A Journal of the Plague Year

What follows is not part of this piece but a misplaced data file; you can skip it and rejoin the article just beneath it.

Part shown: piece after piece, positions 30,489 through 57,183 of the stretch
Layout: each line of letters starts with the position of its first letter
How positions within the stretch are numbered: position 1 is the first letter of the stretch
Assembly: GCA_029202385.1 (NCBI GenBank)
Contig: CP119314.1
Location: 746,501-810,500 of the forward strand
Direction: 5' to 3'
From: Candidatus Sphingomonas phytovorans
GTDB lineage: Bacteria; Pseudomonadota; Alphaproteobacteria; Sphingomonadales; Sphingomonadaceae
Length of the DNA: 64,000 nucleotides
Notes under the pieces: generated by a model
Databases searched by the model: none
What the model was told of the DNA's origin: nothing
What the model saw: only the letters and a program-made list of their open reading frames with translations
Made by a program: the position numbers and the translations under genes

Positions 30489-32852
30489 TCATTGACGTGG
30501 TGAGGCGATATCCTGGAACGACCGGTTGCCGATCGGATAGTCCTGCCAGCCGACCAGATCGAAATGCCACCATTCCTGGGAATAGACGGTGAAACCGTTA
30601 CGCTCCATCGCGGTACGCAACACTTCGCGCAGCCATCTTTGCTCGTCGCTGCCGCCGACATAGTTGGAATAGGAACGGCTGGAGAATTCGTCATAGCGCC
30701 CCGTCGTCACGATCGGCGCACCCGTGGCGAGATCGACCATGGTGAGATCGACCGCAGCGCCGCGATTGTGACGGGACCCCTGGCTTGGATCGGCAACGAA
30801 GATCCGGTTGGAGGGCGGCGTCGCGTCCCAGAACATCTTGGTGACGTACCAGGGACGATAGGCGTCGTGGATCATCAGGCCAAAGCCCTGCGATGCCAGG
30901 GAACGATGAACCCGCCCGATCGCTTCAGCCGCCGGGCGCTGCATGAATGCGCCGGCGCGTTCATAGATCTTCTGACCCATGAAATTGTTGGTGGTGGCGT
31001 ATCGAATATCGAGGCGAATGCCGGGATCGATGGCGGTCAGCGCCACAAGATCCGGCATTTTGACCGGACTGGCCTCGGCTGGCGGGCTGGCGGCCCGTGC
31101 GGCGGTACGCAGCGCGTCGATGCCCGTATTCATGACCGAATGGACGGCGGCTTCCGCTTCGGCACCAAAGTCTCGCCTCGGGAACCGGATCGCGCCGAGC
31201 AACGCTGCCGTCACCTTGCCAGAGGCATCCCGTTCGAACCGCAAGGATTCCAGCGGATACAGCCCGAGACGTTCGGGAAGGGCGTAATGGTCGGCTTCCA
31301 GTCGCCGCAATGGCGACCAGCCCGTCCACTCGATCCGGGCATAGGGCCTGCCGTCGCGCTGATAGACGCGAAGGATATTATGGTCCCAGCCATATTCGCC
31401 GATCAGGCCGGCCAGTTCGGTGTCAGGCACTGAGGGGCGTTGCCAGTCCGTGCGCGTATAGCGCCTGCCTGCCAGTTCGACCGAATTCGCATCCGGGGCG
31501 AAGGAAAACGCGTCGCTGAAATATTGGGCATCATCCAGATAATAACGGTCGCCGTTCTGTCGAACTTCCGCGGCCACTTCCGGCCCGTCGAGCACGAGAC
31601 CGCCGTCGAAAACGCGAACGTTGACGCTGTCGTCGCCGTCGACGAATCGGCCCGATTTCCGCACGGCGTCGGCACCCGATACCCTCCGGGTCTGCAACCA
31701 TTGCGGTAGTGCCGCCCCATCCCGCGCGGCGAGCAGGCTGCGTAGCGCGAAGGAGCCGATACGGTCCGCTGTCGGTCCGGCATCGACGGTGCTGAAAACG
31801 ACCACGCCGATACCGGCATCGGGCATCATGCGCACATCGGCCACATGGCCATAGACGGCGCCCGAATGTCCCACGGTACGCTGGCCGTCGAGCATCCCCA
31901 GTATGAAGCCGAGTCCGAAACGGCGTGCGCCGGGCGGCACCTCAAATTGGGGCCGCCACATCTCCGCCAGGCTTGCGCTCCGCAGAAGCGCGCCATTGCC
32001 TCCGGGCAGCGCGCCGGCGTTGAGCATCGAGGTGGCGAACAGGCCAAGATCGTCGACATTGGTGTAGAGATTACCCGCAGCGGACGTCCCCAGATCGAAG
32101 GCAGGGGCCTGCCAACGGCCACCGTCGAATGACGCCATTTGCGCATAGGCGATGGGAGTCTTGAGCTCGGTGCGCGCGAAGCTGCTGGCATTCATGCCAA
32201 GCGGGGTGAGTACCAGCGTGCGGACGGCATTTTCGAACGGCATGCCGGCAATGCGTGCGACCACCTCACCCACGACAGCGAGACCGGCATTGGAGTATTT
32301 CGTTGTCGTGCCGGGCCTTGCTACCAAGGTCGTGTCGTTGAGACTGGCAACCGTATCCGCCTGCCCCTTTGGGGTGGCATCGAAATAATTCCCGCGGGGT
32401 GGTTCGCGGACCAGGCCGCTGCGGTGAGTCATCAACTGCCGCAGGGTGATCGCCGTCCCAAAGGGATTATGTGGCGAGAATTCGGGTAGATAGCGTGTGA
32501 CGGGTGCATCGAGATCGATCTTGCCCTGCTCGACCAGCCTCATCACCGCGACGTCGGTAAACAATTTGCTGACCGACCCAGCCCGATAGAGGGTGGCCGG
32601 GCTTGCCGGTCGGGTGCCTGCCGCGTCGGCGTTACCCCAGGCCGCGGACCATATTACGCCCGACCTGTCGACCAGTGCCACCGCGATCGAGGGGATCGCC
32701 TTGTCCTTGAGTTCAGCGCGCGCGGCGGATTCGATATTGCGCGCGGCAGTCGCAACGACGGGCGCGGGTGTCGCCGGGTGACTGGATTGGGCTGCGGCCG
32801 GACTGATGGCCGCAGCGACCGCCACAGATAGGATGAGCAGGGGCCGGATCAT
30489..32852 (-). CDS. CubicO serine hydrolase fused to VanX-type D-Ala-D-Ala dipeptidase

Daniel Defoe’s description of the Great Plague of London of 1665, published fifty-seven years after the event in 1722 and based on diaries kept by his uncle Henry de Foe, a saddler at Aldgate. It is a book of people’s lives and deaths, written with the vigour of an investigating journalist, the general narrative punctuated with extraordinary individual stories. There is no sensationalism; a plain, awful description of events is enough.